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BY LAND AND BY SEA by Evald Past; Translated by Hillar Kalmar


by Evald Past; Translated by Hillar Kalmar

230 pages
The memoirs of a Baltic mariner who became a homebuilder.

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Category: Autobiography
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About the Book
After fleeing the invading Soviet Red Army in 1944, Evald Past and his wife and son were among tens of thousands of people that successfully crossed the Baltic Sea to freedom in Sweden. While they were well received there, they became stateless refugees known as DP’s or Displaced Persons. Increasing Soviet threats against Sweden, a neutral country, to return all Baltic refugees to their now communist controlled homelands was cause for concern, particularly after Sweden acted to pacify the Soviets and extradited a few hundred Estonians back home.

Some refugees subsequently considered fleeing war-torn Europe altogether to seek a new life overseas. Those with such plans typically sought immigration visas to the United States, Canada, Australia, New Zealand or other countries. Visas to many countries were difficult to obtain and the waiting periods were long. Some groups of refugees decided to pool funds on a co-operative basis to purchase old vessels they could fix up and sail across the ocean with. They planned to arrive at their chosen destinations as illegal immigrants, taking the risk that after landing they would be allowed to stay.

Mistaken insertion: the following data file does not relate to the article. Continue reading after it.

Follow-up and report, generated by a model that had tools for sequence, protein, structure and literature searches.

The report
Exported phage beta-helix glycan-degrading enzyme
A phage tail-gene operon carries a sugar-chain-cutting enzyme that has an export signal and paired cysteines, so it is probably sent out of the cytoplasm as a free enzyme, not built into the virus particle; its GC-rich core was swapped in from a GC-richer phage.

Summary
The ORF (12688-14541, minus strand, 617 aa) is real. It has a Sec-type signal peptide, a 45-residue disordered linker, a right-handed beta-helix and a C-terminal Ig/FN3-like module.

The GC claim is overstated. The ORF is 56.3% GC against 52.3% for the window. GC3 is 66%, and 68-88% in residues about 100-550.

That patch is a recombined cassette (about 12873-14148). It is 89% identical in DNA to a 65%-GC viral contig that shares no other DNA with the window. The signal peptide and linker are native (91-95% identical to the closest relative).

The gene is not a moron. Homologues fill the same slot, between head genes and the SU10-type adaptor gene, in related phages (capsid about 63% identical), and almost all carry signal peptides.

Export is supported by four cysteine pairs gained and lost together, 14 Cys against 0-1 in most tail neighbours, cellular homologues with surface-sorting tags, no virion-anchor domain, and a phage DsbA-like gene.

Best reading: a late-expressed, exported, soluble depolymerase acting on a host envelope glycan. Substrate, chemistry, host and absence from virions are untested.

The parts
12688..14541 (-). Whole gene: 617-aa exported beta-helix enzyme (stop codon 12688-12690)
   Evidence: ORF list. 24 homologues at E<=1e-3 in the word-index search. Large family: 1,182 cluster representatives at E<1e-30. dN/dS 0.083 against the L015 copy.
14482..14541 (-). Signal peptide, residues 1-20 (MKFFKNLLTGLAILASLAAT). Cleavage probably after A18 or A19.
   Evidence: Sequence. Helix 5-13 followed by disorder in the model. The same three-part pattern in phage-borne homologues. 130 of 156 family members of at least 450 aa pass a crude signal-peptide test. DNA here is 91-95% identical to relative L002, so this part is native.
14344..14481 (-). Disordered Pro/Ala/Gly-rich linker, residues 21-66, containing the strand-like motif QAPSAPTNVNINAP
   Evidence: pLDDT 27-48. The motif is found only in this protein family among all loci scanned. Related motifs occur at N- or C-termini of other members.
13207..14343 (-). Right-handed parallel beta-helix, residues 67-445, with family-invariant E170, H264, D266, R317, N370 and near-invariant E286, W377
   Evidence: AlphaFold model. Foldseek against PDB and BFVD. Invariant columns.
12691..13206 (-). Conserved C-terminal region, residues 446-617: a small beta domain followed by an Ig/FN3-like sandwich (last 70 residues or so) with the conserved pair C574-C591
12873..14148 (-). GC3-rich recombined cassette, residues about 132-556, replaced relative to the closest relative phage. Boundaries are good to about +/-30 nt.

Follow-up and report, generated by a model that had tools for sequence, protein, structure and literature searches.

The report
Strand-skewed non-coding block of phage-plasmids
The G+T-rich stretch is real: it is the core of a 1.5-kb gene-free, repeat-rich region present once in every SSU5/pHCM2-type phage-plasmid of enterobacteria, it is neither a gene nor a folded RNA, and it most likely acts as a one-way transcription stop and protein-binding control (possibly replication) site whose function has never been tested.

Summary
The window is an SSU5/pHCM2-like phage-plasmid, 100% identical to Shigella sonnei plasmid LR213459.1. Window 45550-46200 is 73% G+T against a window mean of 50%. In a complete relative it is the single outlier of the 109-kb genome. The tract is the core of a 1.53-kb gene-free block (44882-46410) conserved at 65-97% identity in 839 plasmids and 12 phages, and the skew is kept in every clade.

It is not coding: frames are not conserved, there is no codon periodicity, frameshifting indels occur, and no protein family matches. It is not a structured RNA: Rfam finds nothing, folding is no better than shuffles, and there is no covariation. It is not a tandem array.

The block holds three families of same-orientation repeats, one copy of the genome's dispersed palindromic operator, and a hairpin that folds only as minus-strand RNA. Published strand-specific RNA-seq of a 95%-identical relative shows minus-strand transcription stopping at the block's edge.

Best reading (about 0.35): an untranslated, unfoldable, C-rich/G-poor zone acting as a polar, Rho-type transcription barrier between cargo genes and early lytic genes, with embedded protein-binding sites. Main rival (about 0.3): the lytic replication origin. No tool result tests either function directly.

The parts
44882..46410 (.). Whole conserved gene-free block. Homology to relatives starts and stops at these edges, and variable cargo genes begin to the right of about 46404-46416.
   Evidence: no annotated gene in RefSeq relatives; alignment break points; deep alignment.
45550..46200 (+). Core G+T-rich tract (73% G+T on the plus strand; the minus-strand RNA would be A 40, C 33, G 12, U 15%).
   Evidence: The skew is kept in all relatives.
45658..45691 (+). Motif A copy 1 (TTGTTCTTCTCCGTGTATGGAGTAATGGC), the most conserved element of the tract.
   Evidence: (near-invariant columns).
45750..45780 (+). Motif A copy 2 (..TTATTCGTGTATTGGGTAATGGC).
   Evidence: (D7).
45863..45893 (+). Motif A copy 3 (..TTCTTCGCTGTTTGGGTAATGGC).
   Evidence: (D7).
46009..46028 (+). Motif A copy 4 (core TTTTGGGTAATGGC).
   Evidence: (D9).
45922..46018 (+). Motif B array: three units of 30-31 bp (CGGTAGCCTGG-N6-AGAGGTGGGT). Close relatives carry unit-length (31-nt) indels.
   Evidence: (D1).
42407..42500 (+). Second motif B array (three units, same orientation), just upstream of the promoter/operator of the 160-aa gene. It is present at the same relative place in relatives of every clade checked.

Evald Past was a Master Mariner interested in moving overseas but not to New Zealand, the only country that had issued immigration visas to his family. He readily found a group of refugees with a ship to command, having Halifax as their destination. The ship, a 62-ton fishing boat named Östervåg, was one of more than 50 small, refugee laden vessels that left Sweden between 1947 and 1951. These ships were dubbed “The Baltic Boats” or “The Little Viking Boats” by the media of the day. Of these ships, 43 are known to have reached their destinations, with the countries they went to and the number of ships that reached there being: United States (17), Canada (11), South Africa (6), Argentina (5), England (3), and Brazil (1). The 11 ships that arrived in Canada brought about 1,100 refugees, comprising Estonians, Latvians, Lithuanians, Ukrainians, Poles, Russians, Finns and Danes.

After arriving in Halifax, Östervåg’s 75 passengers were placed in detention and waited for a few months before being granted landed immigrant papers. The new immigrants then began looking for work. Evald Past first worked in a scrap metal yard, which provided the means to eke out a living for his family. He then decided to risk the security of steady but meagre employment to begin building houses. After successfully building and selling several homes near Halifax, Past moved his family to the west coast where the climate was milder. In Victoria, B.C. he continued working as a homebuilder until retirement.

In addition to being a mariner in his homeland, Past was a maritime author and wrote four books about Estonia’s maritime history that were published in Tallinn between 1935 and 1940.



About the Author
Evald Past (1900-1901) was a Master Mariner and maritime author from Estonia. In 1948 he sailed the fishing boat “Östervåg” from Sweden to Halifax with 75 Baltic refugees aboard. After building and selling some homes in Nova Scotia he moved his family to Victoria, B.C. and became a successful homebuilder.



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